Chapter Thirty-Eight – Out for the Count
The warden was in dreamland and Pieter and Lindiwe were on the move. Inside the maximum security prison cell area, Pearce Ellison was smiling from ear to ear. He had long since tucked away his sunglasses and was now in a corridor that was dark and doomed. Cometh the hour, cometh the man! Pearce Ellison’s name was going to go up in lights, or so he thought. Pearce was about to become Nelson Mandela’s new best friend!
As Acting Commissioner Mark van Pletzen and Pearce were led into the top security corridor where the prison cells were, the black political prisoners began to make a loud boo-ing sound. Any white man in a Correctional Services uniform was bad news in their eyes and they did not take long to realise that the African-American was not one of them.
“Hey, you sell out!” shouted one prisoner to Pearce.
“Do you know what a black man who is not in a prison cell is called? He is a token darkie!”
The other prisoners roared with laughter.
“Hey P.W.’s puppet!” shouted another prisoner at Pearce, in reference to State President Botha’s control of many black minds, who had surrendered all levels of open thinking to believe that Apartheid was their portion in life.
“As you can see, the prisoners are in good health and well fed,” said Mark van Pletzen to Pearce Ellison.
One of the prisoners overhead the remark and laughed hysterically.
“Well fed?” he mocked.
“A dog would pull their nose up at what we are given to eat!”
“Yes, and let’s not talk about the medical care!” screamed another prisoner, pointing at the bruising on his wrists.
Of course, the prisoner had received the injuries after being hit by a warden, after not working hard enough in the lime quarry.
Mark ignored the comments.
“These prisoners are better cared for than those in many other countries in the world,” motivated Mark to the lawyer, as he ushered Pearce towards Mandela’s prison cell.
The cell was not empty. Pearce noted the mat and cushion which made up Mandela’s bed. Also in the small cell, was a ballie which the prisoner used as a toilet. The small barrell had a lid on it and it was emptied out twice a day. There was also a small table inside the cell.
“I think the wardens have taken him to the office for your meeting,” explained Mark.
The boo-ing sound from the prisoners got even louder as Mark ushered Pearce out of the corridor. The trip to the prison cells was to show the lawyer that the jail conditions are not as bad as the international media made them out to be. Of course, the world press did not get to see first hand just how the conditions were, but were picking up bits and pieces from people who had seen the living conditions for prisoners on the island.
Meanwhile, back in the prison administration office, island prison boss, Vorster, had been hard at work to bring down Pearce’s dream.
As the Acting Commissioner and the lawyer walked out of the corridor that housed the prisoners, they were met with two heavily armed men.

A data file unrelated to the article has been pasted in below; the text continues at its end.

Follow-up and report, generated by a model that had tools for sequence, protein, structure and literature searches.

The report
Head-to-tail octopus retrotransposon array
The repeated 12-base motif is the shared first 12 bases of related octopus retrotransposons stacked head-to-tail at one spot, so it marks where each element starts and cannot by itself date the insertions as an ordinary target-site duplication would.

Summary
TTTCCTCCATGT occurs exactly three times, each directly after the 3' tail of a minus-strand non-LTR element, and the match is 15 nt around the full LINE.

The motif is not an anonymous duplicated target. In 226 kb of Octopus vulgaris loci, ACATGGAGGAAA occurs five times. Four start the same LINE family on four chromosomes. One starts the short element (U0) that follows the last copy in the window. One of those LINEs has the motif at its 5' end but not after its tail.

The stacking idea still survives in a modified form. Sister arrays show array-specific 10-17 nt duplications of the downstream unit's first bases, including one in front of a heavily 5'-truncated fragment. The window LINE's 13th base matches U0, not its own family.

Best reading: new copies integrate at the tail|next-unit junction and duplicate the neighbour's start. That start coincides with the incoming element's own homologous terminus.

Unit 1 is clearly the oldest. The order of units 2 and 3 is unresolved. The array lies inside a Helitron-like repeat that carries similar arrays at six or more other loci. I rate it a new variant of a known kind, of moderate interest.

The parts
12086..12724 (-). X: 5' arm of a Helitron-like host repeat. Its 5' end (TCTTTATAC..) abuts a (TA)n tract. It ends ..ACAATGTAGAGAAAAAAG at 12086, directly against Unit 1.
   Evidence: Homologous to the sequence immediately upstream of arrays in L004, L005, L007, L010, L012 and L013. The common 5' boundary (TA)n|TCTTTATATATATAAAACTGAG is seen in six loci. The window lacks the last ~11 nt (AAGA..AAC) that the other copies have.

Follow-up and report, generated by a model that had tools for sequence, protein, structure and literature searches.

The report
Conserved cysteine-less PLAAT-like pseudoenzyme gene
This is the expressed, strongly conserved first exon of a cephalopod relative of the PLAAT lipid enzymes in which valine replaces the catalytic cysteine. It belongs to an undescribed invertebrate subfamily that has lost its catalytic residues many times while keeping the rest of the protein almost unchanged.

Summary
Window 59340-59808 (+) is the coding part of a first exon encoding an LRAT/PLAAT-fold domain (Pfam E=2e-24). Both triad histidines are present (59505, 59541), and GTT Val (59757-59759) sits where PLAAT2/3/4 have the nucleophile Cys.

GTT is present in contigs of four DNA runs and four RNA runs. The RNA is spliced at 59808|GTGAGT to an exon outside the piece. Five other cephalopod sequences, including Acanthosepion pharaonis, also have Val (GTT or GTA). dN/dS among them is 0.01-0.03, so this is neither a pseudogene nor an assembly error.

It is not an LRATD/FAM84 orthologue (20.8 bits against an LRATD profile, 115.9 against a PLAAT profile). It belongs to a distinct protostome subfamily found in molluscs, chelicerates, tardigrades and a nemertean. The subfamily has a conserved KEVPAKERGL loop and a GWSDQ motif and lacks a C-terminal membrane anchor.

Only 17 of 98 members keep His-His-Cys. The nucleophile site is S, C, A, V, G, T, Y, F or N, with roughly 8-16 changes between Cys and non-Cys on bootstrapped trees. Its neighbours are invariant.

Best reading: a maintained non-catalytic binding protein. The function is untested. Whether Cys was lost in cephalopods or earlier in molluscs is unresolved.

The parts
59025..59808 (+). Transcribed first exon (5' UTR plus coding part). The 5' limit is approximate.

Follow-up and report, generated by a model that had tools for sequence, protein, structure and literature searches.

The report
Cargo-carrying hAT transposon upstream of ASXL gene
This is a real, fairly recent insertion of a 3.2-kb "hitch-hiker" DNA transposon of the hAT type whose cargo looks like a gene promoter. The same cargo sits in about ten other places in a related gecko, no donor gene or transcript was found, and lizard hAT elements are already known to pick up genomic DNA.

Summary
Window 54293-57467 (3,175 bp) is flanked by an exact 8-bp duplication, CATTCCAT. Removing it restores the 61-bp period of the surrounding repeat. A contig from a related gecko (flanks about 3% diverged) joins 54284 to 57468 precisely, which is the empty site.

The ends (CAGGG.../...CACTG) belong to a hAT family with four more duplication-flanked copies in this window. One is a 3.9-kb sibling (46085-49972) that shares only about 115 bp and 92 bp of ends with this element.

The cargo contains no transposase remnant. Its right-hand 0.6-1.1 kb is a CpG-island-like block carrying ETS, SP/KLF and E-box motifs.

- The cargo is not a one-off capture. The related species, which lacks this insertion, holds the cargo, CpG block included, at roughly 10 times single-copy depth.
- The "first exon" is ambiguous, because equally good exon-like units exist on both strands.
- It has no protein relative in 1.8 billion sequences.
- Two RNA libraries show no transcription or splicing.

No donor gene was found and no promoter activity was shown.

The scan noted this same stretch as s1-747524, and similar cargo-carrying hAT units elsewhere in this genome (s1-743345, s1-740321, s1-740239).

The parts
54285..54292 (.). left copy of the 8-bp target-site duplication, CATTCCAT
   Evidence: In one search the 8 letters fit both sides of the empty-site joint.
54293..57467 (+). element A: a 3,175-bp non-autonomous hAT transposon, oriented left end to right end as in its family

“Waarnemende Kommasaris, jy en die prokereur moet saam met ons kom asseblief (Acting Commissioner, you and the lawyer must come with us, please),” said the one man, who held a rifle close to his body.
Pearce thought that the two security men were there to escourt the pair to the meeting room where they would meet Mandela. However, Mark knew better. These two armed individuals were not Correctional Services men, nor were they from the police. They seemed to be undercover agents who were placed on the island to ensure that everyone, including the wardens, were kept in check.
“Waar vat jy vir ons (where are you taking us)?” asked Mark.
“Dit is beter dat jy so min as moontlik weet (it is better that you know as little as possible),”answered the man holding the rifle.
Mark could sense that the pair were about to be taken from the island for a meeting at the government intelligence offices, where he would need to answer some serious questions as to why he allowed a foreign stranger to get close to Mandela.
The Acting Commissioner held a black belt in karate and was a pretty handy boxer in his younger days. Still as fit as a fiddle, Mark needed a way out of the situation. He needed a spiritual fighting partner. At the moment, the hopes of finding one seemed slim as he surveyed the empty corridor.
Then, it was as if God had answered his prayer.
Out of the blue, a world class rugby tackle from the side took down the man with the rifle, who had been walking at the rear.
The agent’s rifle fell to the ground as Pieter Erasmus used all of his strength in trying to pin the agent to the cement floor. The agent reached for his 9mm pistol on his hip, but three right hooks to the jaw from the Lieutenant left the man out cold.
The attack only took a few seconds, during which Mark sprung into action by providing a karate kick to the chest of the second agent. A wheezing sound could be heard from the man’s chest as he fell to the ground.
Mark grabbed the man’s pistol while Pieter took the rifle and a pistol off the other agent.
“Lieutenant Pieter Erasmus,” said Pieter, as he identified himself, before pointing to Lindiwe Buthelezi, who now stood next to him.
“Acting-Commissioner Mark van Pletzen,” replied Mark with a grin.
“What are you dying on the island?”
Pieter wiped the sweat from his brow.
“We are trying to save Mandela’s life,” explained Pieter.
“ Ditto,” said Pearce, as he stepped forward to join in on the chat.
“Let’s move the bodies out of the way before the wardens come,” said Pieter, and the four dragged the two agents into an area away from the main corridor.
“I haven’t got time to explain everything, but there are at least two people on this island who are on a mission to eliminate Mandela and we need to stop them,” explained Pieter.
Pearce nodded and Mark caught on. It was the threat to Mandela’s life that Pearce had feared, when the pair had spoken in the meeting at Polsmoor prison.
“Do you know the identity of the assassin or assassins?” asked Mark to Pieter.
“I caught a glimpse of a man trying to force the corridor safety door open, but I could not see his face,” said Pieter.
“He wore a grey top, with th grey hood covering his face. I think there may be more than one person involved.”
Mark looked at the human rights lawyer.
“He wasn’t happy to give us time with Mandela, but submitted to authority.”
Mark began to put his strategy together.